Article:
around the world, regulators are trying to tackle the elephant in the trillion dollar room: the digital asset market. As crypto is an emerging industry that currently largely exists outside legal frameworks, it is still in murky waters, and those in the industry – and beyond – seemingly want clear guidance and clarity to move forward.
A proposed crypto bill sponsored by US Senators Cynthia Lummis, Republican of Wyoming, and Kirsten Gillibrand, Democrat of New York, aims to install guide rails around the digital asset space. The 69-page bipartisan bill is comprehensive and targets many corners of the crypto markets.
Some of the most notable aspects of the proposal include:
“This bill tries to do everything, which is perhaps the biggest impediment.” Christopher LaVigne, co-chair of crypto practice, Withers
- Carry out crypto transactions that are $200 or less tax-free.
- Define guidelines for distinguishing cryptocurrencies as commodities or securities (most would fall under the category of commodities under the bill).
- Supporting stablecoins with a 1:1 monetary currency, moving towards “100% reserve, asset type and detailed disclosure requirements for all stablecoin issuers.”
- Granting the US Commodity Futures Trading Commission exclusive spot market jurisdiction over cryptocurrencies defined as commodities.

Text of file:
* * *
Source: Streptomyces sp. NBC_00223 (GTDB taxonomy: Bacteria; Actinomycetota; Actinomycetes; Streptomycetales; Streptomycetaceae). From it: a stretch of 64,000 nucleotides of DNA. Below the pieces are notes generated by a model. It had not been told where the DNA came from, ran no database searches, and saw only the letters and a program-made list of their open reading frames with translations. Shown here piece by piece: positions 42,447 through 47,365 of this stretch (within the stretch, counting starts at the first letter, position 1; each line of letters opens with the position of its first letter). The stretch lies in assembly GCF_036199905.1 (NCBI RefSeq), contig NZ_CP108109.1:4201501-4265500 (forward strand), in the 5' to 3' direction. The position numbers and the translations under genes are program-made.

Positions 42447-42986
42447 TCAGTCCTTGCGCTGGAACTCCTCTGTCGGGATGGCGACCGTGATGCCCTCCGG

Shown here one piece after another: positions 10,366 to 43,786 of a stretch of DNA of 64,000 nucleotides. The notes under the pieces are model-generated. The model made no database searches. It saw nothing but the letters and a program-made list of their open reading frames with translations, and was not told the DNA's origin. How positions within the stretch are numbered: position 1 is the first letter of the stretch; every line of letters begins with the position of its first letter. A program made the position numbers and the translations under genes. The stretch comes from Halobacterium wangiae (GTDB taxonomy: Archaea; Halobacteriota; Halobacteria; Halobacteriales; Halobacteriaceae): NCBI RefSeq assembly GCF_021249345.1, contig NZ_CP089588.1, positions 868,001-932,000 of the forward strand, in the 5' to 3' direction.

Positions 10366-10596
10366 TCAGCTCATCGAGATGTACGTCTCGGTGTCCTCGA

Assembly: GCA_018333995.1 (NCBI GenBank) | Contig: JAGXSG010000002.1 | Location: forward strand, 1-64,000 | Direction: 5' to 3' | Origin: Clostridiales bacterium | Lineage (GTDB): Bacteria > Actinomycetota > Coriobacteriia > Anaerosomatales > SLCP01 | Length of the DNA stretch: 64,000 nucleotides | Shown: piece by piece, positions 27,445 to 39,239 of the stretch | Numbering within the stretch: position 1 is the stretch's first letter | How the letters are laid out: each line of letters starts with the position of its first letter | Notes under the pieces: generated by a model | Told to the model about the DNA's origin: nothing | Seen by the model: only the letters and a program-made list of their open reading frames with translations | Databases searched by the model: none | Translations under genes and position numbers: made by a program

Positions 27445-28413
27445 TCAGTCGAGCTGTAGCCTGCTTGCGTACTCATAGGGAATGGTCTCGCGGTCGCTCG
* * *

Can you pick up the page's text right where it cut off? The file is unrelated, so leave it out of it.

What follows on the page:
- The U.S. Securities and Exchange Commission and CFTC mark as the primary watchdogs over the digital asset industry.
“The bill is important because it is a step in the right direction for legislation and definition of ‘crypto,’ what a ‘crypto asset’ is and what regulation will look like,” said Nick Donarski, the founder and CTO of ORE System, to Vidak For Congress.
“But at the same time, like other crypto-related bills, the bill would be more likely to be split in order to gain enough support to get it passed.”
Giving Power to the CFTC
“There’s a lot of color here and it’s quite exciting,” Ken Goodwin, director of regulatory and institutional affairs at Blockchain Intelligence Group, told Vidak For Congress. By making the CFTC oversee most digital assets, it sets a precedent and gives the agency more validation, he said.
Goodwin worked on Wall Street for over 20 years and has spent the past eight years in the blockchain space. Even with his background in both traditional finance and crypto, he said he was surprised by the CFTC’s positioning in the proposed bill.
“I would never suspect” [CFTC] actually lead the way in this; I thought the SEC would be the regulator for this,” Goodwin said. “Even if this bill doesn’t pass, people will look to the CFTC for advice.”